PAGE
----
The funeral service is over, the interment’s complete and family and friends have returned home.
Visits and phone calls have waned over the last few weeks. The house is quiet, the refrigerator is bare and everyday chores keep piling up.
What do you do now? Reality is settling in. You realize your life has changed forever.
Recognize your emotions
Many complex emotions follow a loss, and there is no specific sequence or severity. Everyone’s experience is unique.
Some people may never experience all of the emotions associated with the death of a loved one, and there is no time limit when the emotions may rear their ugly heads. Here are eight you may face:
Shock. One of the initial responses to a loss, shock involves disbelief and numbness. It lingers until you are able to absorb and digest what has happened.
Denial. This usually goes hand-in-hand with shock and involves disbelief when you first learn about the death.
Anger. Very common and can be directed at anyone connected with the death, including yourself.
Guilt. One of the more painful emotions following a loss. Involves all the "shoulda, coulda, wouldas" we face after the death of a loved one. We need to remember that we are human and not perfect. We made our decisions with the best information available at that time.
Fear. Anxiety and fear may present themselves as thoughts of survival, loneliness, finances and the future begin to surface.
Disorganization. Very common following the death of a loved one. Thoughts of going crazy, confusion, completing tasks and forgetfulness are all normal emotions during the grieving process.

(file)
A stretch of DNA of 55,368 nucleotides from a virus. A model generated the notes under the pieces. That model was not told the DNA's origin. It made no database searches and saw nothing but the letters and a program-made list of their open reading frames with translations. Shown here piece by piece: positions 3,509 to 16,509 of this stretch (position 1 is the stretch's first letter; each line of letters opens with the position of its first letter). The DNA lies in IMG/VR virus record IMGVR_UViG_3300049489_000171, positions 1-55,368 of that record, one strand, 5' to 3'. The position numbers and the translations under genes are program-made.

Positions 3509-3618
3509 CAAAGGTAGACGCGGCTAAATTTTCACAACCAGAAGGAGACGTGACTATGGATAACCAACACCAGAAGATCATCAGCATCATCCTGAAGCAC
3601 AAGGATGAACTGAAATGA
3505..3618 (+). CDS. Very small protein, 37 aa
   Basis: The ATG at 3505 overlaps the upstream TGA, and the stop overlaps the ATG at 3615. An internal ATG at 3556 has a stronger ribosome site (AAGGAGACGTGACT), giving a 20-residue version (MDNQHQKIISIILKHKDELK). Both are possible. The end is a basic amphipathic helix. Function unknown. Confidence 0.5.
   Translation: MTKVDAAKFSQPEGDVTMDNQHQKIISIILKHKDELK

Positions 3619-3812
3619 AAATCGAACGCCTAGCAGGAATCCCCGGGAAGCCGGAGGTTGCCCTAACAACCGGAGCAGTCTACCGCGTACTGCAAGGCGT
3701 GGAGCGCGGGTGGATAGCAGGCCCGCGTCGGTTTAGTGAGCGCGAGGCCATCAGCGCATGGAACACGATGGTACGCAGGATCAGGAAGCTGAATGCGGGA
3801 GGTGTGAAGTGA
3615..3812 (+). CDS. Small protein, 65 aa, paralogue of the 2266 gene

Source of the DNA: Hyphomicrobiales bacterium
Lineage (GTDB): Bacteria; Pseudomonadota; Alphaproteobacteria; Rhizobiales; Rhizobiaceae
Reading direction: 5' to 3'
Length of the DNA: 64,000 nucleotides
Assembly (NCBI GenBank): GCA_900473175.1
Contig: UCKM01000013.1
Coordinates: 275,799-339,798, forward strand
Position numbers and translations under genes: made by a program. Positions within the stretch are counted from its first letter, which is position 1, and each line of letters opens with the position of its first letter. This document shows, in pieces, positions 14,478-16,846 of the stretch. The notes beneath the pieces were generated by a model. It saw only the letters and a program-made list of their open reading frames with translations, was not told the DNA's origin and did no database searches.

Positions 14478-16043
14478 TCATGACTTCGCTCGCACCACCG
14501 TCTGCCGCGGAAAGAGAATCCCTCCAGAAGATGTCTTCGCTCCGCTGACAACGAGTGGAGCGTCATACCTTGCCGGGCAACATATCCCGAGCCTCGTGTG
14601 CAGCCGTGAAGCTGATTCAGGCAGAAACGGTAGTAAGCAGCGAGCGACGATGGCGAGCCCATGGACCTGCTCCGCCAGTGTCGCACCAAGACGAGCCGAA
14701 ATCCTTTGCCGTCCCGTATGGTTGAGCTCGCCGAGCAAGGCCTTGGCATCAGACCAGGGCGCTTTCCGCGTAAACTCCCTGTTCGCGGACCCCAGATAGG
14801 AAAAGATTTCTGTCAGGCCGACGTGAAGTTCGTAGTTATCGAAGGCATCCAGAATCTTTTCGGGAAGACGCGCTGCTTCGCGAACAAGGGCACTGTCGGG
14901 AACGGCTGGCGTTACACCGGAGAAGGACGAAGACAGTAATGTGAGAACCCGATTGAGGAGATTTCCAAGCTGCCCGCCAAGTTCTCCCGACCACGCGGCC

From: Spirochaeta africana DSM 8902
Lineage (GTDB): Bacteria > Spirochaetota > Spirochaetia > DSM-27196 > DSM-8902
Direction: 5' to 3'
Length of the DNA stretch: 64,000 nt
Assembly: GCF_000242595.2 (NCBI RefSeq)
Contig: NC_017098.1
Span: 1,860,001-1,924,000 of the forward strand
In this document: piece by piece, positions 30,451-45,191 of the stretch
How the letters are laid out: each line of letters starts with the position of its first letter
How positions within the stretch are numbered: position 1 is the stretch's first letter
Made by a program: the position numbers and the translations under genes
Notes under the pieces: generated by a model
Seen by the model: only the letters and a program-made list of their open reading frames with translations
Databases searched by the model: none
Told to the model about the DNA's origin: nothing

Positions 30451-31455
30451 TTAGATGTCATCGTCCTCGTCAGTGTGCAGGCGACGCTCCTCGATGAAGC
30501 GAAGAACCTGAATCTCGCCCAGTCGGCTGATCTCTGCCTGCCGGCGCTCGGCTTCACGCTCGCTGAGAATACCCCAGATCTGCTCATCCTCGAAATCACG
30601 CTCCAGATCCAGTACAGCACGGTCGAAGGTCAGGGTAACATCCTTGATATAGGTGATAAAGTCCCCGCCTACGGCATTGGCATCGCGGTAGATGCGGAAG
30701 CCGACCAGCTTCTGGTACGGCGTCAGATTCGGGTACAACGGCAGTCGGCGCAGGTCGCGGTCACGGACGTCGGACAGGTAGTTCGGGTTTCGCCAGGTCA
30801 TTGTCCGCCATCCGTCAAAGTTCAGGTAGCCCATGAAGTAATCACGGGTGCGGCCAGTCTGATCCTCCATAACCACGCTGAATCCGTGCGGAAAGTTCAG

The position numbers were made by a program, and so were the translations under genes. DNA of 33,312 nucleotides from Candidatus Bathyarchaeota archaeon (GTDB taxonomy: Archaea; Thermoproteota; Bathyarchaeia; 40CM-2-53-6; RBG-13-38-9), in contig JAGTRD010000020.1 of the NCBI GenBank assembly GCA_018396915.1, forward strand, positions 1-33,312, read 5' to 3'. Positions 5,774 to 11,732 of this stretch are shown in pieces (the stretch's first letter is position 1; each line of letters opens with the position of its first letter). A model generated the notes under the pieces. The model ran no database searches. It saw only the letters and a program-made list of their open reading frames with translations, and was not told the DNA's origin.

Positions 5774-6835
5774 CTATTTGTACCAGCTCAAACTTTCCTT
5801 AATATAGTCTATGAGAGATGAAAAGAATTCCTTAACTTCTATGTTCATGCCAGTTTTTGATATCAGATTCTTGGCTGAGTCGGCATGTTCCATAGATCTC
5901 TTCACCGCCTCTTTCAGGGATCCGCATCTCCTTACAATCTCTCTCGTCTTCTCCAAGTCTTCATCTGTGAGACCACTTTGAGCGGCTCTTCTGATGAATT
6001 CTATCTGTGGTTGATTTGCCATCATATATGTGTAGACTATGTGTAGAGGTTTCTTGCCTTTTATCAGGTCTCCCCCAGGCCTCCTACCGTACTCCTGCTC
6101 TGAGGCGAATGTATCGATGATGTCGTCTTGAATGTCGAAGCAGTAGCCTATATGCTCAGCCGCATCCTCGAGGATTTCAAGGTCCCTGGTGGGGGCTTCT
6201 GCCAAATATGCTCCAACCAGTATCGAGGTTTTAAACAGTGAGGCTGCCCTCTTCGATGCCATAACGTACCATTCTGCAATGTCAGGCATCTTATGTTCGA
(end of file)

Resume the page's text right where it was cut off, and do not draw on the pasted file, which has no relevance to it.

Loneliness. Especially difficult for someone who is alone during the evening hours, weekends, holidays and special occasions.
Regret. We often ponder the things we did not get to do or did not get to say. Very rarely are we prepared for loss, so it is natural many things will seem to be left unfinished.
Avoid the 'what-ifs'
The emotions of grief are normal and natural responses to loss. However, unresolved grief can lead to negative effects.
What will life be like without getting an adrenaline rush when the phone rings late at night? What will it be like without Mom – no mother to call when you need her, and no mother needing you? We seem to have lost our identity and we're not sure what to do next.
Following the identity crisis, the “what-ifs” and the “should haves” start creeping in. What if we had opted for a different treatment option? Why didn't we go to that movie she wanted to see? Why wasn't I a better son or daughter? The list goes on and on.
The truth is, as a caregiver, you did the best job you knew how, giving 110% of your effort, time and attention to your loved one. Stop torturing yourself with 20/20 hindsight.
Find a 'new normal'
For some, a loved one’s death may be the end of a care-giving journey and the beginning of a new journey. One of grieving, healing and trying to find a “new normal.”
After your loved one’s passing, not a day will go by without you thinking about them. However, the ability to cope gets a little easier with each passing day. The void in your heart starts filling with the memories of their life and love, not the loss.
Your experience most certainly defined you, but do not let it destroy you. Chose to draw from the experience and use it as a way of bringing comfort and guidance to those who are now in some stage of the journey that you have traveled before them.
For more tips for dealing with loss, visit johnagentleman.com.
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